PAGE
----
Furthermore, I doubt there’s much difference in the cognitive abilities of someone who is 18 versus someone who is 17.5, and yet the 18-year-old gets to vote while the 17.5-year-old doesn’t. The voting age is kind of arbitrary in this way. The counterargument to that would be that we have to set the cutoff somewhere, but by setting it at 18, we’re disenfranchising people who are fully capable of making informed voting decisions. The type of cognitive skills needed for voting are known as cold cognition, and they are established before a person turns 16. These are the skills that allow people to make rational decisions based on assessing evidence before coming to a conclusion, without being influenced by emotion. Teenagers can absolutely do this, and they can absolutely use those skills to make responsible choices at the ballot box. In fact, in Austria, one of the only countries to allow 16- and 17-year-olds to vote, research shows that youth voters make voting decisions that are similar to those of people over 18. So no, they aren’t irrational and impulsive at the ballot box. When it comes to their voting choices, they’re just like all of us supposedly older and wiser voters.

Making the political process belong to them

Allowing 16- and 17-year-olds to vote would get them engaged in the political process early. Right now for a lot of teenagers, it probably feels pointless to pay attention to politics (or government matters in general) because they have no say in it, and it seems like something not worth worrying about until they are considered adults. They don’t feel any ownership of it because they’re excluded from participating in it. But political decisions affect everyone in this country, including those too young to vote. Congress kowtowing to the NRA and refusing to pass meaningful gun control has allowed kids to be massacred while trying to get an education. Even if those kids want to vote out the politicians who sit on their hands while angry white men/boys shoot up schools, something that directly impacts kids in a literal life-or-death way, they can’t do it. But if they were allowed to vote, they could feel empowered to make great changes in society and work to ensure their own safety (which they shouldn’t have to do, but that’s what things have come to). They could feel like civic engagement was another milestone to reach in adolescence, as opposed to an opt-in burden to take on as an adult or something that doesn’t belong to them. Let’s give kids a better reason to get engaged than having to fear for their lives due to school shootings.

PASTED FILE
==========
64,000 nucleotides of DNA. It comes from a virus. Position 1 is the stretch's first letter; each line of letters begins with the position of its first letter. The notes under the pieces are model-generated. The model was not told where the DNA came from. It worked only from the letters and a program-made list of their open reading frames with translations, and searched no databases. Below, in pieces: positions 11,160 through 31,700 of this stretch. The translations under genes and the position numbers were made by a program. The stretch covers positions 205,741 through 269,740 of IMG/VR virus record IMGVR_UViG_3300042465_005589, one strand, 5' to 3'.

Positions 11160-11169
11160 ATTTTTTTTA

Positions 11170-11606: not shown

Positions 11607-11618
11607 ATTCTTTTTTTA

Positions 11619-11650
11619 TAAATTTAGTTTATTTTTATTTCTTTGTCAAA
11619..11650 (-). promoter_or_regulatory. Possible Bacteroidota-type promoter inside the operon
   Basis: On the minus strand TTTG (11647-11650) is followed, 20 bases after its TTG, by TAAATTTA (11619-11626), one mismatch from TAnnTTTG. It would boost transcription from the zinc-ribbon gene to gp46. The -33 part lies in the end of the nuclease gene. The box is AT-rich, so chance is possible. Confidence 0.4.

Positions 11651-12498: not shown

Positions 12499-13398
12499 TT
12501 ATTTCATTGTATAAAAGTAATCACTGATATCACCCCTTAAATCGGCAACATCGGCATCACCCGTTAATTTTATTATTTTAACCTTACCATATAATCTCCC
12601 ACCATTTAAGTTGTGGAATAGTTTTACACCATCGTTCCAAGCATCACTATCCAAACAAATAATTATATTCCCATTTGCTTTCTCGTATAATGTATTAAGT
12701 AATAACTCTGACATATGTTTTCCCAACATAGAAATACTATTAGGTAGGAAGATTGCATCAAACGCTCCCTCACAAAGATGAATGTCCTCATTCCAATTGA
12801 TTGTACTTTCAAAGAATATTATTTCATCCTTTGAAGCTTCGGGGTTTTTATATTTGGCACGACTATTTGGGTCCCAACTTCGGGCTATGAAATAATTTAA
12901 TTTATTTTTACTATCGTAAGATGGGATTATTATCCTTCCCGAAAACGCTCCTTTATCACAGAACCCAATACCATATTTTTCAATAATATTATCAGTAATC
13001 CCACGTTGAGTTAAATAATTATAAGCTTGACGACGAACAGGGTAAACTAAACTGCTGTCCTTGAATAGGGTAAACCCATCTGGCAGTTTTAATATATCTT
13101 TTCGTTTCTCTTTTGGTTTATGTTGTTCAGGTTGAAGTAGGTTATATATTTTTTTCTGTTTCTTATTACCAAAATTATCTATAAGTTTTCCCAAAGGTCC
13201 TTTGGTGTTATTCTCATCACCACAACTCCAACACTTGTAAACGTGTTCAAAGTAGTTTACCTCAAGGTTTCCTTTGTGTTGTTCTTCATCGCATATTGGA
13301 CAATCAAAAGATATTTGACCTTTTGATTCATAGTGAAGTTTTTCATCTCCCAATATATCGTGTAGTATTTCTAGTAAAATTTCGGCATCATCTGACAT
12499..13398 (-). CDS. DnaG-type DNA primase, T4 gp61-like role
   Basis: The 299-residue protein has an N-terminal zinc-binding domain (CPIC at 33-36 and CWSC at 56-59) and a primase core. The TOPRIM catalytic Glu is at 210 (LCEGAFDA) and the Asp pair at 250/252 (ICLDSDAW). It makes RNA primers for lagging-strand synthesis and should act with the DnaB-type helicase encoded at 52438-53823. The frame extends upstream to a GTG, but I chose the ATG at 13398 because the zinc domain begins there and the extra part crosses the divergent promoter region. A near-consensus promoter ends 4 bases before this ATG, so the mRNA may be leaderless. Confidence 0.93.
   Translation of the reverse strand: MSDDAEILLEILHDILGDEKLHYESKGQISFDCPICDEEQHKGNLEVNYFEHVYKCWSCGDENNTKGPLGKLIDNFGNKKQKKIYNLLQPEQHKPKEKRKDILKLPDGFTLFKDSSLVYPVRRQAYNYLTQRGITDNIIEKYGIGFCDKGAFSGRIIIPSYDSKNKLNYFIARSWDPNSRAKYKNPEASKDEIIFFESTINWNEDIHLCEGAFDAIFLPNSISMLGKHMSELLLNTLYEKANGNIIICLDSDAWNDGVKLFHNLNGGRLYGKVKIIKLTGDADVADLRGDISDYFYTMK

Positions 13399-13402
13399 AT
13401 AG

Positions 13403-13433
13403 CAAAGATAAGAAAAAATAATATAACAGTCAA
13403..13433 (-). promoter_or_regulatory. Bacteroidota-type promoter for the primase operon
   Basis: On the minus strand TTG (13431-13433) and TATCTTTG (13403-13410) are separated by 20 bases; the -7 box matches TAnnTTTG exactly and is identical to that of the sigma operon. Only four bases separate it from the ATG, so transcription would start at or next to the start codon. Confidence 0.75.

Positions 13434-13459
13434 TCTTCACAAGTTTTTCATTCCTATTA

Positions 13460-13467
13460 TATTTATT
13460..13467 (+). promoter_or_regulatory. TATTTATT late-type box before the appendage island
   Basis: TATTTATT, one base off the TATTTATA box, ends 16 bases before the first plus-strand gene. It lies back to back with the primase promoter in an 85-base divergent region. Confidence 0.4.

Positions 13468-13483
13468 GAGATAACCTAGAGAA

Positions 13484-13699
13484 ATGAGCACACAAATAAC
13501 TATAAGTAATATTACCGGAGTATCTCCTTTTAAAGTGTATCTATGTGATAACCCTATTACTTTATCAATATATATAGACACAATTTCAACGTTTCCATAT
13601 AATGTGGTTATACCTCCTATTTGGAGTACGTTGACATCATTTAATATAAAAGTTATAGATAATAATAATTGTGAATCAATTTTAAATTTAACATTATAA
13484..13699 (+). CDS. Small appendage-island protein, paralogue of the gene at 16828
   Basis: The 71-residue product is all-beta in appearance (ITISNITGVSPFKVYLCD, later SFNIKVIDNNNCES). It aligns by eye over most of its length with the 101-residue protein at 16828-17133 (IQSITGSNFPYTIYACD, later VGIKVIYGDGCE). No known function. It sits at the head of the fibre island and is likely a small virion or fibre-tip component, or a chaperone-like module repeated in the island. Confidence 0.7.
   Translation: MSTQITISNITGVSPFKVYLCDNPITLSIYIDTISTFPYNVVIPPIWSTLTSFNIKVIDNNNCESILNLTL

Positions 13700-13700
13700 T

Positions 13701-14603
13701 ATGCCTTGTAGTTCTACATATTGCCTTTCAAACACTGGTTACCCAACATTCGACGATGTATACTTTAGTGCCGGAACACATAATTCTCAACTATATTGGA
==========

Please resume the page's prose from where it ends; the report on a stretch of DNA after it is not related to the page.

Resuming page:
Increasing voter turnout and easing the transition to civic engagement

We have a problem with voter turnout in the US. Youth voter turnout is particularly low; 46% of eligible voters aged 18-29 voted in the 2016 presidential election, and turnout is even lower during midterm elections. Of course, this doesn’t help with the stereotype that young people are uninformed and apathetic. Facilitating voting in schools would be a great way to easily bring young people into the voting process. On election day, there could be polling sites at high schools, and students 16 and older could be granted time to go and cast their ballots. Perhaps teachers could even give extra credit to students who vote, proven by bringing back a ballot stub to class after going to the polls (their peers who are younger than 16 could also receive extra credit for learning about the issues and voting in a mock election, to make things equitable). Nonpartisan information about the issues could be distributed to students in class (the same information that gets mailed to adult voters). I think that getting people started voting early, so they see what it’s like and get in the habit of learning about the issues and candidates, will set them up to keep voting later in life when they have to be independently responsible for it.